Former teen fentanyl user on cross-country journey to understand root causes of crisis

A teen who overdosed on fentanyl is on a journey to understand not only the impact the drug had on her life, but the challenges it's posing for families in communities across the country.

Ottawan Leila Attar, 19, stopped in Edmonton on Monday

After Edmonton, Attar's next stop is B.C., which has declared a public health emergency in response to a ballooning death toll from fentanyl overdoses. (Leila Attar)

A teen who overdosed on fentanyl is on a journey to understand not only the impact the drug had on her life, but the challenges it's posing for families in communities across the country. 

With Via Rail's Canada 150 youth pass, Ottawan Leilia Attar, 19, is travelling by train from coast to coast, stopping to speak to people who are dealing with the escalating opioid crisis. 

"I was able to pull myself out of my own addictions, darkness. As I started to do that, I realized that everyone else around me is struggling," Attar said. "I wanted to figure out why and I wanted to help people."

Attar spent the first half of July in Eastern Canada talking to families who lost loved ones to opioid overdoses. 

On Monday, she visited Edmonton's inner city, where she said she gained a deeper understanding of related challenges, such as lacking resources for the homeless. 

"Even though Alberta's such a rich province, there are so many people who just don't get the resources they need," she said, adding that's becoming a common theme. 

'Fight for it and be determined'

Attar said she knows that she wasn't alone in her struggle with mental health and addiction, but she's just learning how far-reaching an individual's plight can be.

"Something I never really thought about is how families are impacted by people using. It's not just the one person struggling, it's the whole circle around them," said Attar, who left home at 16 and eventually found herself reliant on what she thought was Percocet.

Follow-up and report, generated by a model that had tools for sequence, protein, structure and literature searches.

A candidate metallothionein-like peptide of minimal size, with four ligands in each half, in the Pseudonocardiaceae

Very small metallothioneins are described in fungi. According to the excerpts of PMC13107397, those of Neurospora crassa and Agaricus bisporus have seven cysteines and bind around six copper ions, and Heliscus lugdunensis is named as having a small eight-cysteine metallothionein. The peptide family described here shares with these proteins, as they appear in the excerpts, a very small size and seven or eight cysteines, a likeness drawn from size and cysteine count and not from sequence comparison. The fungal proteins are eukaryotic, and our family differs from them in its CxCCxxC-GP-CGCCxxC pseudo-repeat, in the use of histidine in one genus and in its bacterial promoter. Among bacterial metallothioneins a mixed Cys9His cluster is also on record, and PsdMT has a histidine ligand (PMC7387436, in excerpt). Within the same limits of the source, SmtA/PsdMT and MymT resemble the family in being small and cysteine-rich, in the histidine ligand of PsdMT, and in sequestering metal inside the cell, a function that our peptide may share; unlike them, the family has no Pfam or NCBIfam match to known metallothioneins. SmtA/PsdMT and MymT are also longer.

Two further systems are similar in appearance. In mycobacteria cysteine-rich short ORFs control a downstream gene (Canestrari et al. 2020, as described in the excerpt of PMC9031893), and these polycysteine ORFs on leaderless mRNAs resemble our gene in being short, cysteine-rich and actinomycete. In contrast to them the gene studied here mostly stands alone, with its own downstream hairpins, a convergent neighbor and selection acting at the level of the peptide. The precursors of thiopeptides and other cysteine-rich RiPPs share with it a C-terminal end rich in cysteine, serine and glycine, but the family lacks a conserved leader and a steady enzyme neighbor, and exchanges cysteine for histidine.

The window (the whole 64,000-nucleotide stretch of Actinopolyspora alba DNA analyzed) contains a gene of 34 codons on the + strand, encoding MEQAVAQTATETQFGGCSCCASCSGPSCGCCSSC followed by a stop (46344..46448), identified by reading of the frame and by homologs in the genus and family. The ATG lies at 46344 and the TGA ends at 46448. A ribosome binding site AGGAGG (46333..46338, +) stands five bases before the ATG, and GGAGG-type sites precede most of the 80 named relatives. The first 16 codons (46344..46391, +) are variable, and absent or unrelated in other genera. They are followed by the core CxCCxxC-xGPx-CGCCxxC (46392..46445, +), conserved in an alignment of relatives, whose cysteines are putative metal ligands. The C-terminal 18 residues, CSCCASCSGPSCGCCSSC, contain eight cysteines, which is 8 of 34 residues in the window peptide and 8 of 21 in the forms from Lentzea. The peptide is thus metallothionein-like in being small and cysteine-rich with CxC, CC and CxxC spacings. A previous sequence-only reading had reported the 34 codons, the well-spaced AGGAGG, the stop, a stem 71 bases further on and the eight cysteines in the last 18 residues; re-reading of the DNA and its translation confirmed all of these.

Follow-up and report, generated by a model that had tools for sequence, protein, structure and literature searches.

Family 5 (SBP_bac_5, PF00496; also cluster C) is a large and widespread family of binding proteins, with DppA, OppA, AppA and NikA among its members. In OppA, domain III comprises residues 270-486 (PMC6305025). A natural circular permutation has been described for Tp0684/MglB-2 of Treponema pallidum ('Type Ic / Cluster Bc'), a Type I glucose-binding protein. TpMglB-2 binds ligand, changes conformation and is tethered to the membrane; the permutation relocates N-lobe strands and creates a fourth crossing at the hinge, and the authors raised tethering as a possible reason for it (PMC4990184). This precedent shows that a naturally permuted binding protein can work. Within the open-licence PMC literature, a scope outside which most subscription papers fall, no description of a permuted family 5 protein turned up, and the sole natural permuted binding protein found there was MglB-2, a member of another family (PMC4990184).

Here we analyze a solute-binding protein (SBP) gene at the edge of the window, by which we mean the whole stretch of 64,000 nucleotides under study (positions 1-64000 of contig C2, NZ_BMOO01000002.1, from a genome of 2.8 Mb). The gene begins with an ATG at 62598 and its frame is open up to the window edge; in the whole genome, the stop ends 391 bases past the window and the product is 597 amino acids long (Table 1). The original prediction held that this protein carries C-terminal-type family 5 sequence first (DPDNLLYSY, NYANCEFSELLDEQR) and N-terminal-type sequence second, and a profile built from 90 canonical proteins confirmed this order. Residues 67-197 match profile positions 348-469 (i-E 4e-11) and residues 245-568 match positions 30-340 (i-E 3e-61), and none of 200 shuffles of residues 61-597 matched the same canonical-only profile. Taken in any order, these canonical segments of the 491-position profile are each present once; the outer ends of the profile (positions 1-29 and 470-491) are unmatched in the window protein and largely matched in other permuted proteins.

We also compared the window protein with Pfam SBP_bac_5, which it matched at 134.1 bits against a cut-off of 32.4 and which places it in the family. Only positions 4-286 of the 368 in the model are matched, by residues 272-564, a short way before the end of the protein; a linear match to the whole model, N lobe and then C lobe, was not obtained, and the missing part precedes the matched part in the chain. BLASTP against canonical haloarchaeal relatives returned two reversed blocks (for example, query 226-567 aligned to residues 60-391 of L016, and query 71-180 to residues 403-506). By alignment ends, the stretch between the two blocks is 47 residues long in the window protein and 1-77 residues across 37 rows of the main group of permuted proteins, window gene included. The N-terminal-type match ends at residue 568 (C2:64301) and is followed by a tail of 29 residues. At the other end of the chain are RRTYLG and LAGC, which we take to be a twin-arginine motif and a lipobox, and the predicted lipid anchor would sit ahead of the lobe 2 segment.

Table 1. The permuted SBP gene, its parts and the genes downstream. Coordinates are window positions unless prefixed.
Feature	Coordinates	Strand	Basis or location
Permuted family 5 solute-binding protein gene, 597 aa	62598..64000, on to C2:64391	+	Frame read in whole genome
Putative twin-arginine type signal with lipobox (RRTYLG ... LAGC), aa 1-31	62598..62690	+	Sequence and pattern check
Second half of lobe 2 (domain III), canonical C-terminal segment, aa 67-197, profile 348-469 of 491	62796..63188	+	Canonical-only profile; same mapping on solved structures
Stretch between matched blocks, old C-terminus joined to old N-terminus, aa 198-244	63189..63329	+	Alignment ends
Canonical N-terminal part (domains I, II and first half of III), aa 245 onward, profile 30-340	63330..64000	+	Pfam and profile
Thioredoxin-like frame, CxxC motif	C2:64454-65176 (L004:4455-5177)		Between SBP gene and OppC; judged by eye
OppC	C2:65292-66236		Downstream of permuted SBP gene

"You don't know who your source is," she said. "That was the breach of trust that kind of opened my eyes.

"I either continue doing this and end up dying somehow or I have to get myself together," she added.

Attar said she's seeing how stigmatization and ostracization of drug abuse and mental illness can manifest in society.

"Everywhere I go, I hear people using the wrong kind of labels," she said, adding that those struggling with mental illness and addictions, like she was, have to decide to set out on a different trajectory.
Leilia Attar spent the first half of July in Eastern Canada talking to families who lost loved ones to opioid overdoses. (Leilia Attar)

"I always thought rehab or a perfect pill would make all these temptations go away, but the reality is you have to want it for yourself and know that you're worth it and you have to fight for it and be determined."

Attar's next stop is B.C., which has declared a public health emergency in response to a ballooning death toll from fentanyl overdoses. She plans to visit Vancouver's infamous Downtown Eastside, as well as Victoria and Kamloops. 

She said when she returns to Ottawa, where she's a student at Algonquin College, she wants to use the insights she's gained to contribute to discussions addressing the root problems of the opioid crisis. 

"Right now, Canada's taking a very reactive approach to it," Attar said. "I think we need to be proactive and say, 'Why are people using and then prevent other people from walking down that path." 

roberta.bell@cbc.ca

@roberta__bell